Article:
WORLD DAY OF THE SICK 2018
Homily notes of Most Rev. Diarmuid Martin
Archbishop of Dublin
Church of Saint Agnes Crumlin, 11 February 2018
Each year on the Sunday nearest to the Feast of Our Lady of Lourdes, we gather as a diocesan community to celebrate the World Day of the Sick. From its earliest days, as we will hear in our Second reading, the Church has followed in the path of Jesus himself to be a place where the sick are welcomed, surrounded and comforted by the prayers and the support of all.
We welcome all our brothers and sisters who are sick here among us today. We gather to pray for the sick, but also to pray with the sick and indeed to be embraced by the witness of faith of the sick. Our Lady of Lourdes in particular is with us in our prayer on this her Feast.
The Jesus we have encountered in today’s Gospel teaches us something of how we are called to live out his message in today’s society.
It shows us a Jesus who lived within the cultural realities of his time and was respectful of them. He told the leper who was cleaned scrupulously to observe all the rituals required by the law. But our reading also shows us a Jesus who was free, and who wished to bring the men and women he encountered beyond the day-to-day cultural norms of his time and the security that these norms seemed to bring with them.
Jesus fulfils the norms but he also does things that shock the good synagogue-going believers of his time. He has no difficulty in encountering a person, who it was considered someone to be avoided as unclean, but who Jesus sees simply as a person needing healing. Jesus goes out to meet us today just as we are. He does not categorize people or consider certain lives as more worthy of care than others. Every human life from the moment of conception to the moment of natural death has equal right to life and care.
The norms that stressed that the leper should be ostracized were not simply there because it was feared that his disease was contagious. They were not just prudent norms of public health. We do not know exactly if the disease from which the man suffered was even leprosy as we know it today. The fact that there were norms of what to do when someone had been cured of the disease would tend to indicate the opposite, as leprosy at that time was certainly incurable.
The person who encounters Jesus was ostracized in the first place, not because he was a public health risk, but because distorted religious views had turned him into a social outcast, considered a sinner by those who set themselves up as models of true religion.
The same can happen today. We can interpret religious norms in such a way that they can block us from witnessing to the care of Jesus. We can interpret religious norms in a way that makes us judgmental and harsh and unforgiving, all the while thinking that we represent the message of Jesus.
When Jesus was asked by the leper to speak with him, he goes directly towards him. He does not enter into discussions of what disease the man may have; Jesus simply touches him; he comes close to the man just as he is. Curiously, this very fact of touching the man would have meant that Jesus too had become unclean and should be shunned by others.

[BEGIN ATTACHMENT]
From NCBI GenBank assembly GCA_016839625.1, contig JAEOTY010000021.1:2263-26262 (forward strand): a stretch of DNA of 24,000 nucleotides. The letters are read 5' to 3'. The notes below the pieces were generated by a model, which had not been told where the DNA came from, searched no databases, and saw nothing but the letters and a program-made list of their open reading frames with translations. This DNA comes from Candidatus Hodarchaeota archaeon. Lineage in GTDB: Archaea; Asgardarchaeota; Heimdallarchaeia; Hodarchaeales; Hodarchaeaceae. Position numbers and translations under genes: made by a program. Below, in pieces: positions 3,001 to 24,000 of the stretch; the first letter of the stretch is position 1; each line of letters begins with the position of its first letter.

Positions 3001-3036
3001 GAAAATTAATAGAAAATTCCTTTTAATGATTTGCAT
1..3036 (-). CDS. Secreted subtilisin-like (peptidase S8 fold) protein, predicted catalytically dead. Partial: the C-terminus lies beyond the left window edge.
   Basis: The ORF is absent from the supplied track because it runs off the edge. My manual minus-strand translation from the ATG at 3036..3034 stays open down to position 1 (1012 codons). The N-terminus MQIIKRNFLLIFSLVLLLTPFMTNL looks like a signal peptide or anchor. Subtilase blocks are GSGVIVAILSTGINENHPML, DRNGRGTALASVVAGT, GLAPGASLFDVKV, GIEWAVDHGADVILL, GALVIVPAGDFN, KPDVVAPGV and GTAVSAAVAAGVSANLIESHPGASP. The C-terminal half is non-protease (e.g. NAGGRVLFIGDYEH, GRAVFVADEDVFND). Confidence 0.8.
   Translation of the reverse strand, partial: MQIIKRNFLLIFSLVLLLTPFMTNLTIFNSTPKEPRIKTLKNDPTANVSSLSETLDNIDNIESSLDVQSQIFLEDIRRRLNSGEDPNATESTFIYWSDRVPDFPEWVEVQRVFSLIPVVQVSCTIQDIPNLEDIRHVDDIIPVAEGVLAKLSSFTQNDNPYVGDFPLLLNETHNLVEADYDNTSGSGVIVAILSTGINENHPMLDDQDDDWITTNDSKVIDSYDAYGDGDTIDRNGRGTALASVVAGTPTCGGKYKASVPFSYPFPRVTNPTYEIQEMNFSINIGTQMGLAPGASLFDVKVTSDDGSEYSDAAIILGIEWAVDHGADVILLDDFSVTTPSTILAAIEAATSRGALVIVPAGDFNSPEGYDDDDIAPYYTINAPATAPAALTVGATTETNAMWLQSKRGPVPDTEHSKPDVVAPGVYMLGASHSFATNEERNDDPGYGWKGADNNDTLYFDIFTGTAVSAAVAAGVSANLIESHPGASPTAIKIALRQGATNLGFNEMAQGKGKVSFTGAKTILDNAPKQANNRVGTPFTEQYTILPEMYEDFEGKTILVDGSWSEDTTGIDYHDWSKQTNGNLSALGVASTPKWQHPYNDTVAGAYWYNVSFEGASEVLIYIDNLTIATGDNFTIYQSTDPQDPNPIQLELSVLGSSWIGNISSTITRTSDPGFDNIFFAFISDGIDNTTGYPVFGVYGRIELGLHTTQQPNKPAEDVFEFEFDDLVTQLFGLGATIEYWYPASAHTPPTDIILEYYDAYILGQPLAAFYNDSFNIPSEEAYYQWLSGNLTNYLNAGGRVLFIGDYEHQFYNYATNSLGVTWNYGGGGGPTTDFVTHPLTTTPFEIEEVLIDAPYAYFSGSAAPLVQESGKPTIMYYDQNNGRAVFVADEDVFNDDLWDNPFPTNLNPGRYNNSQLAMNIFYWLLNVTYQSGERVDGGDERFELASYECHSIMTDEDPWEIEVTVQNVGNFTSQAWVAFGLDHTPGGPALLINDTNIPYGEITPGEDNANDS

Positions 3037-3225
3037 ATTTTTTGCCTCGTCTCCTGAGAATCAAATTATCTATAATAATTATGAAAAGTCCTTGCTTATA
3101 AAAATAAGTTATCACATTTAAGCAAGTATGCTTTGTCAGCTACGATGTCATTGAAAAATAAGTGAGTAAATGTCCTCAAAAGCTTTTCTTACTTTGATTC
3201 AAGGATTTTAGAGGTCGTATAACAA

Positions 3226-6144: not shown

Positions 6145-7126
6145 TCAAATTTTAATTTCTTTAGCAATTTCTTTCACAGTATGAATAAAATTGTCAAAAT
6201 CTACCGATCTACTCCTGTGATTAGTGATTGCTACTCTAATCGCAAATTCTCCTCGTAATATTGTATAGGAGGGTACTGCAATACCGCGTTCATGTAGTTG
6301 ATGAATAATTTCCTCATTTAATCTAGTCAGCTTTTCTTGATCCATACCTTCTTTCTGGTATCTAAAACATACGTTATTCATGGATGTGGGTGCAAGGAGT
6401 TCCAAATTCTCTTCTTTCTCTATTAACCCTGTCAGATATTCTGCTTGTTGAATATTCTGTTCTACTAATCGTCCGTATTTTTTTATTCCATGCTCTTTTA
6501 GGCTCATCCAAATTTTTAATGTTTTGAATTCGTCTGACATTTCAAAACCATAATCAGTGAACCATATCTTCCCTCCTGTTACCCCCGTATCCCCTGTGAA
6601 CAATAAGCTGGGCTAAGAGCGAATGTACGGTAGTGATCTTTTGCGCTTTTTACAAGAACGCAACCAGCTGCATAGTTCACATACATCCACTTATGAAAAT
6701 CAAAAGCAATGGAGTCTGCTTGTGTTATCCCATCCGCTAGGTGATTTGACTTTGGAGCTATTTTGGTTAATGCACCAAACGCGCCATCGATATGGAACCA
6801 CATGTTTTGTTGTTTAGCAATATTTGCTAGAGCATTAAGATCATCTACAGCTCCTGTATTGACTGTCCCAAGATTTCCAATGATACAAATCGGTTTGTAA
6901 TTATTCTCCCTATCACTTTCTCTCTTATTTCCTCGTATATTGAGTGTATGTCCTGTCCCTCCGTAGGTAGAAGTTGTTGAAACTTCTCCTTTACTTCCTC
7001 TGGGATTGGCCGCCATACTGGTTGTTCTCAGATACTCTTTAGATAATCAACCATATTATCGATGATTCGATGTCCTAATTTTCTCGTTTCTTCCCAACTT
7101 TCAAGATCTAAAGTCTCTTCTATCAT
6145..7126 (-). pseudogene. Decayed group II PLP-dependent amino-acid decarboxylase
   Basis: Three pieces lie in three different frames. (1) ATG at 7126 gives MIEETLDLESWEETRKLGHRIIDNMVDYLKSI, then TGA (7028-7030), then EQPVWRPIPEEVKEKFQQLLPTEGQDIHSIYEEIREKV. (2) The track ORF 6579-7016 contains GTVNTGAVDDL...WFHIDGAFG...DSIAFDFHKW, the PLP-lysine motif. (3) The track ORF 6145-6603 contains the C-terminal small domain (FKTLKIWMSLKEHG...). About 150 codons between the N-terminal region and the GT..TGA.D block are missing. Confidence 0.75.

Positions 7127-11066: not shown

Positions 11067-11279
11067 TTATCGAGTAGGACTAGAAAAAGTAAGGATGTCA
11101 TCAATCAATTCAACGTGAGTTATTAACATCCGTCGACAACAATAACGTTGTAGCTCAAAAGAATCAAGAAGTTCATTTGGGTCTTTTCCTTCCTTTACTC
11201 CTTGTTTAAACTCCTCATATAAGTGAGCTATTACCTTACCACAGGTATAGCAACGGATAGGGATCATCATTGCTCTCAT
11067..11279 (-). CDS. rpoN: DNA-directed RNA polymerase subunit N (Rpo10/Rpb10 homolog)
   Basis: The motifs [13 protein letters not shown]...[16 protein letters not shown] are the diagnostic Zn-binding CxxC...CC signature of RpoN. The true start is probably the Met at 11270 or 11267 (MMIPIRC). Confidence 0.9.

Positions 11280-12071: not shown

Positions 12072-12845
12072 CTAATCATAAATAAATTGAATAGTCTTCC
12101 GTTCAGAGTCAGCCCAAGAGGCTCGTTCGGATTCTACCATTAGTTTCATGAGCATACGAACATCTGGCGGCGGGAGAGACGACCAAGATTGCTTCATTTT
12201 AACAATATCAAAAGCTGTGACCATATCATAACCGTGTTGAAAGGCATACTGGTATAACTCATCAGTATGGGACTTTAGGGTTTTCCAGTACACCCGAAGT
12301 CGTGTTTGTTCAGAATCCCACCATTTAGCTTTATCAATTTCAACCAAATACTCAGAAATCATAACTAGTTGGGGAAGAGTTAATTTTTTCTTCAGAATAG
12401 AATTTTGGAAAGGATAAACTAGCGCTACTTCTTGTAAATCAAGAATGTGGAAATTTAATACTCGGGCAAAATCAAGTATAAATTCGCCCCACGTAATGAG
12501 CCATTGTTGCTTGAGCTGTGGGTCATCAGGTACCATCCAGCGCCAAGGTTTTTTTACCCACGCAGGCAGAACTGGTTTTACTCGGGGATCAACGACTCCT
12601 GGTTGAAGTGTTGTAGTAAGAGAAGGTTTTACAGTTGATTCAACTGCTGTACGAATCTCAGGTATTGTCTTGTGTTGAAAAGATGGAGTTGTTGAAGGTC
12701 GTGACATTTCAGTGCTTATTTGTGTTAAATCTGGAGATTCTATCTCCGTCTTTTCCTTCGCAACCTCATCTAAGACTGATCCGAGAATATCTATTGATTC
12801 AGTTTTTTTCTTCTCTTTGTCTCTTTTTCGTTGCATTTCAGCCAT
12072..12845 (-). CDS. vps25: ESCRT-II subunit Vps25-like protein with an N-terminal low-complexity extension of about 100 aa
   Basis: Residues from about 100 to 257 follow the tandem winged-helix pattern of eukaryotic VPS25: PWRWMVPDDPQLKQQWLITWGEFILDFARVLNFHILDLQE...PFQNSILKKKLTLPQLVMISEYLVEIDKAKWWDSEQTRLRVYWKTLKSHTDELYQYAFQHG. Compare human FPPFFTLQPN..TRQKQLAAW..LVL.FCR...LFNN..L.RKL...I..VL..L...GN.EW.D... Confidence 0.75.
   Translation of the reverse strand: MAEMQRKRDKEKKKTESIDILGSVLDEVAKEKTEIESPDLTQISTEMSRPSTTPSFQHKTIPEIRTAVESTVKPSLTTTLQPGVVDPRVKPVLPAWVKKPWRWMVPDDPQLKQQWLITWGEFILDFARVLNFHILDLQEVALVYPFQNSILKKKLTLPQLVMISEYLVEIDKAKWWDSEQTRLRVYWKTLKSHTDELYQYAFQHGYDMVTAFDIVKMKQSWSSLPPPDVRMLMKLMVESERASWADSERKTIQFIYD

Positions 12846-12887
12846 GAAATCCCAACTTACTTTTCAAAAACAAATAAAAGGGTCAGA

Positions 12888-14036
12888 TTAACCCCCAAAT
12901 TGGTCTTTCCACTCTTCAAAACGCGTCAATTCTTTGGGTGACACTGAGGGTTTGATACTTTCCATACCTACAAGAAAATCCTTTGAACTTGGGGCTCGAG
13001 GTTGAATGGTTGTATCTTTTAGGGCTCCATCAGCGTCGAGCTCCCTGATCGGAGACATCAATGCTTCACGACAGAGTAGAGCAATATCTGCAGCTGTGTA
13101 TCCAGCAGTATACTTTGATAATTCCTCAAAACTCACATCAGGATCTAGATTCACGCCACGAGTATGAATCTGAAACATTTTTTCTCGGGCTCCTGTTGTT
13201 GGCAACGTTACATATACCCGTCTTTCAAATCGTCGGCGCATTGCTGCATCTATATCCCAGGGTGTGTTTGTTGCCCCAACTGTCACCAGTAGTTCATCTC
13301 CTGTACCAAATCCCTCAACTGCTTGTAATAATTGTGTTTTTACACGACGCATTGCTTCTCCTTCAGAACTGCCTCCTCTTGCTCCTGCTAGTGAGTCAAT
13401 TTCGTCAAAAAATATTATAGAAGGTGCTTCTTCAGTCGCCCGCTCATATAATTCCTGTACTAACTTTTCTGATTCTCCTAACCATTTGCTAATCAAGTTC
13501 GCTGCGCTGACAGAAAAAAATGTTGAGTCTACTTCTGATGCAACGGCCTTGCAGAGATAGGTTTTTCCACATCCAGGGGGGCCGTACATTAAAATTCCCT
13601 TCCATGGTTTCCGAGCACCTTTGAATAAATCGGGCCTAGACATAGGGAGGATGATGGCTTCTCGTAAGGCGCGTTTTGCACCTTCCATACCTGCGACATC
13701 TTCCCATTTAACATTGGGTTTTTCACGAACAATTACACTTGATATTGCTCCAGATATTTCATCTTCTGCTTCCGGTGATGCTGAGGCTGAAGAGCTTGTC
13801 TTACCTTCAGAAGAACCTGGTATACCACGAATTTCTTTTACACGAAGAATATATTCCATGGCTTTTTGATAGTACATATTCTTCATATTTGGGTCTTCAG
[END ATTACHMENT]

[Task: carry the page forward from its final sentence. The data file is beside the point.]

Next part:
The encounter with Jesus brings healing and it brings healing, the Gospel reminds us, instantly. Jesus, however, tells the man to go through with the prescribed rituals. The man was not simply to be cured; it was important that the social outcast be returned to be a full member of the community and fully to realize his dignity within that community. We have to deepen through prayerful reflection our understanding of the teaching of Jesus so that we can better grasp that this teaching is not one that creates outcasts, but welcomes and reconciles.
The community of believers in Jesus Christ can never be one that is closed within itself. It is a community that believes in the contribution that faith in Jesus can bring to our world. It is a community that challenges itself and the society around it to genuine mercy and care. The message of Jesus is a message that today can still heal the wounds of society. His Church must be a community happy to share the joy of the Gospel.
Despite Jesus specific instruction not to speak about what happened, the man who was cured immediately went back to his community sharing the joy of having been healed by Jesus. The officials of the establishment to whom he turned for ritual recognition of his cleansing seem not to have been touched by what had happened.
The temptation remains for all of us – especially those of us in leadership in the Church – to become fossilized in our religious identity and devotion and practices, rather than allowing our faith to unnerve us, to free us from inhibitions and to witness with courage to the joy which our belief brings us.
Catholics can become timid about speaking of their belief. When that happens, our timidity means that we banish Jesus, to paraphrase the final part of our Gospel reading, “outside in places where nobody lives”.
The message of Jesus belongs precisely where people live, especially where people live in anguish and emptiness. We invoke now the healing power of Jesus on the sick among us, remembering in our prayers all those who suffer sickness or anguish or addiction or pain or isolation and loneliness. The healing power of Jesus be among us.